Veal’s Station is the oldest community in Parker County, with the first settlers arriving in the early 1850s, and to this day has homesteads occupied by the original settlers’ descendants.
“The first white settlers arrived in the early 1850s. Among them was William Veal who opened a general store a quarter-mile from the site of the present town. In 1857, Veal and fellow settlers John Lantz and G.W. Coleman constructed a large building that served as a Masonic meeting hall and a common school. A huge bronze bell above the building was used to warn settlers of imminent Indian attacks,” according to a historical article written by David Minor of the Texas State Historical Association. “Soon after the building was finished, Veal moved his general store near the school, and gradually the place came to be known as Veal’s Station. By the late 1870s the Indians had been driven out, and the town began to grow.”
In 1890 a boarding house for girls and a dormitory for boys was constructed and was made into Parsons College. There were more than 500 students that attended at one point, but on Dec. 10, 1893, the college burned down.
After it was bypassed by the railroads, the town ceased to grow and gradually the number of businesses, students and residents declined, according to the article. In 1936, the state erected a historical marker at the site of the school building.
“It was the first town in Parker County and growing up in the 1800s were tough times — the smallpox outbreak and [having] to fight Indians,” Parker County Historical Commission Historian Donna McCauley said. “I would love to see some archaeological digs out there for artifacts for our history.”
Laurie Chance Smith, a descendant of four of the early Parker County settlers, recently published a book about Veal’s Station and its history.
“I’m a descendant of four of the early settler families in Parker County — the Cockburns, the Tuckers, the Gilleys and the Wrights, and members of all four of those family lines are buried at Veal’s Station Cemetery. I was visiting the cemetery with my mother several years ago and I asked her why there wasn’t a historical marker for the cemetery, it is surely one of the oldest cemeteries in Parker County. Like any good mother would do, she winked, and said, ‘Well, that would be a good job for someone,’” Smith said. “So I started my quest that day to get the historic Texas cemetery marker for Veal’s Station Cemetery and while I was gathering the history to present to the Texas Historical Commission, people started sharing suitcases filled with information on the community — the history, photographs, historical records — just an extraordinary amount of information.”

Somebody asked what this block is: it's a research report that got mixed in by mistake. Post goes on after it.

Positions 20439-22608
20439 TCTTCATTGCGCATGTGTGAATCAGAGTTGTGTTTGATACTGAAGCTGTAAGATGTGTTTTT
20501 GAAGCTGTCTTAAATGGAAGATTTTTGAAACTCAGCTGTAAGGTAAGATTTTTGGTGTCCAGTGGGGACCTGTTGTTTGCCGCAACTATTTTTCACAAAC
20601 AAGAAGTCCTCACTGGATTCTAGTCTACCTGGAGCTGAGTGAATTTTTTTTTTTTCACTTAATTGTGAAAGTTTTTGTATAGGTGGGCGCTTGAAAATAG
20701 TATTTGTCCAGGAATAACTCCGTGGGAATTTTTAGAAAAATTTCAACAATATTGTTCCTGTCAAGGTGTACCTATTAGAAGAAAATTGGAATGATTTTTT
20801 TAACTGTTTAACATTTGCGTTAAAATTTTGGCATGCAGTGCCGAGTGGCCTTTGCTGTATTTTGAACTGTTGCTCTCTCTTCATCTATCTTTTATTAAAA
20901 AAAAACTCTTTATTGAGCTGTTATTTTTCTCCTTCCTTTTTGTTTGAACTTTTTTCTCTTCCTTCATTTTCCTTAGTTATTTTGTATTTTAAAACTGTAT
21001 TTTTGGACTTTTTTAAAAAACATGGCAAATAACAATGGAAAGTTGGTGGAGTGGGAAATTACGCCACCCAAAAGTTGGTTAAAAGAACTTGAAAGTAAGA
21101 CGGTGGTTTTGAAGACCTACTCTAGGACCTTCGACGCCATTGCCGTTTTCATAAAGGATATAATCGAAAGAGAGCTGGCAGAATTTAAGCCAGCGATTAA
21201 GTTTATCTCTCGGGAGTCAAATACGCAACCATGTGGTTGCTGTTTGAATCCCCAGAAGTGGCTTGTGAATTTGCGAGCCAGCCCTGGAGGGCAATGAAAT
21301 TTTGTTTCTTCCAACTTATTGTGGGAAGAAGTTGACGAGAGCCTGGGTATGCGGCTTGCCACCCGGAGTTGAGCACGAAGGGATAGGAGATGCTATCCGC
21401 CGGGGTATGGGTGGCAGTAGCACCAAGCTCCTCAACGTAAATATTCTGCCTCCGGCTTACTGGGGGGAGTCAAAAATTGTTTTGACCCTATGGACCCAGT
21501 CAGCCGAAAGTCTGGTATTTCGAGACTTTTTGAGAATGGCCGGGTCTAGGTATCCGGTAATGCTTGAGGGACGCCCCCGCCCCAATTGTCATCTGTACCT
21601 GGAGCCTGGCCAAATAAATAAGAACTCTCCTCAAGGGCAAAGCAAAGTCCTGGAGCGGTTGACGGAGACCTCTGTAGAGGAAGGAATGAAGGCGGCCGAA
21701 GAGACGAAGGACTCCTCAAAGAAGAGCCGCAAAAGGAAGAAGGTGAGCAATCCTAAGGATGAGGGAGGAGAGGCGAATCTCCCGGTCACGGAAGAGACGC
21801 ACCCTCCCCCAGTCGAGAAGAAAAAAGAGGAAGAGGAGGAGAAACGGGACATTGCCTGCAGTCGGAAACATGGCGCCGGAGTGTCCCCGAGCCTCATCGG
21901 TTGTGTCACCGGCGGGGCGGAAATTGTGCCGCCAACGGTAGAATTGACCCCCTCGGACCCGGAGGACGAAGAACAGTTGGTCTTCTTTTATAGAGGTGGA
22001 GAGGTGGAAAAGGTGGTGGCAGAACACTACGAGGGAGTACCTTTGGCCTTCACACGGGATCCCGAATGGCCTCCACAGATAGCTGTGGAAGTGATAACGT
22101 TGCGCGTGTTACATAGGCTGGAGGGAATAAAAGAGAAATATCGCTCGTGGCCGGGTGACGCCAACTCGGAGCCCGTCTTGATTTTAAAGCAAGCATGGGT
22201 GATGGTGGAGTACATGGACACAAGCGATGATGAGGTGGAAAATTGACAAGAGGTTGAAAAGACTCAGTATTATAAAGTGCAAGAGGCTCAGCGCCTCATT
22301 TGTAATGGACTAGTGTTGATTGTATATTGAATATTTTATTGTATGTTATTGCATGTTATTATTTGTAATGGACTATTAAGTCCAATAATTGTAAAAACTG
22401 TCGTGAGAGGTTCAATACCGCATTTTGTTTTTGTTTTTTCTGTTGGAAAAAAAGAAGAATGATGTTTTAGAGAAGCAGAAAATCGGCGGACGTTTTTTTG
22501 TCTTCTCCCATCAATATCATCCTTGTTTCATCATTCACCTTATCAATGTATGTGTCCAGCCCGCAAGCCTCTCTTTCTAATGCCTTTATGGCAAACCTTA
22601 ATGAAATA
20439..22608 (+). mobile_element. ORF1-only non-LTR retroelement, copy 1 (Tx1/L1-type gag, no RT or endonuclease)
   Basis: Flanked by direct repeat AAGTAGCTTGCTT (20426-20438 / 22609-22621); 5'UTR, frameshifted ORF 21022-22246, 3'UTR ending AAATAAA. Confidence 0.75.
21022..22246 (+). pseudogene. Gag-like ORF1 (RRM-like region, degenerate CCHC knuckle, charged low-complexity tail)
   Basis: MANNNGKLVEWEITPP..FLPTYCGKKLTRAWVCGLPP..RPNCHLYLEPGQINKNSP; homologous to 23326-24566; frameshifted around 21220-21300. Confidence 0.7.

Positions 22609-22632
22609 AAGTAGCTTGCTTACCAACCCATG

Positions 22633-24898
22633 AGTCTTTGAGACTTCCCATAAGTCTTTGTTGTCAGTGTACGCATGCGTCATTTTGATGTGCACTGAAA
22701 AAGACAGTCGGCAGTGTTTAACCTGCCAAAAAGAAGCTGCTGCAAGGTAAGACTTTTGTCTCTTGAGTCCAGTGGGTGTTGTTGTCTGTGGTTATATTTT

All that remains of Veal’s Station now is the cemetery.
Smith said that’s when she saw a book in the making and decided to run with it, publishing “Around Veal’s Station: An Illustrated History of Parker County’s Oldest Town” on June 30.
“I thought if I didn’t copy and record all of this, it would simply be lost,” Smith said. “So the book is organized along a timeline and it tells the story of Veal’s Station in order to the best of my ability and knowledge. A lot of the homesteads out here are still occupied by descendants of those original settlers and so it’s really interesting to hear the history of the land and the structures.”
One of those homesteads includes the William and Elisabeth Woody Homestead and the Woody Creek Farm, which will be receiving an official historical marker from the Texas Historical Commission on Oct. 26.
“The house has been there 165 years,” Kimberly (Woody) Boretsky, who helped get the historical marker, said. “It’s the oldest homestead in Parker County and Veal’s Station was a college town and is the oldest town, community, in Parker County.”
According to Smith’s book, Bill and Elisabeth Woody walked from their home in Roane County, Tennessee to Texas in 1846. In 1853, their Comanche guides took Bill to Veal’s Station.
“While living in their barn, Bill and Betsy planned and built their home. During 1854, most of the white settlers in Parker County lived in dugouts in the earth or log cabins,” according to the book. “The Woody House is considered the first permanent home in Parker County because it was built of yellow pine lumber.”
Bill became Veal Station’s shoemaker, opening a shop at his home.
The current owners of the Woody homestead, Marc and Elizabeth Salvatore, have made historically-accurate renovations and the subject marker was approved by the THS in 2018. The Woody Cemetery received its historical marker on Oct. 8.
Other historical landmarks from Veal’s Station include the Silver Creek United Methodist Church, the Wright Cemetery, the Tucker House, the Clark Cemetery and the Slover School-Robinson Cabin. The Bud Clark Cemetery and Veal’s Station Cemetery markers are forthcoming.
Veal’s Station Cemetery can still be seen in pristine condition today on Veal Station Road in Springtown.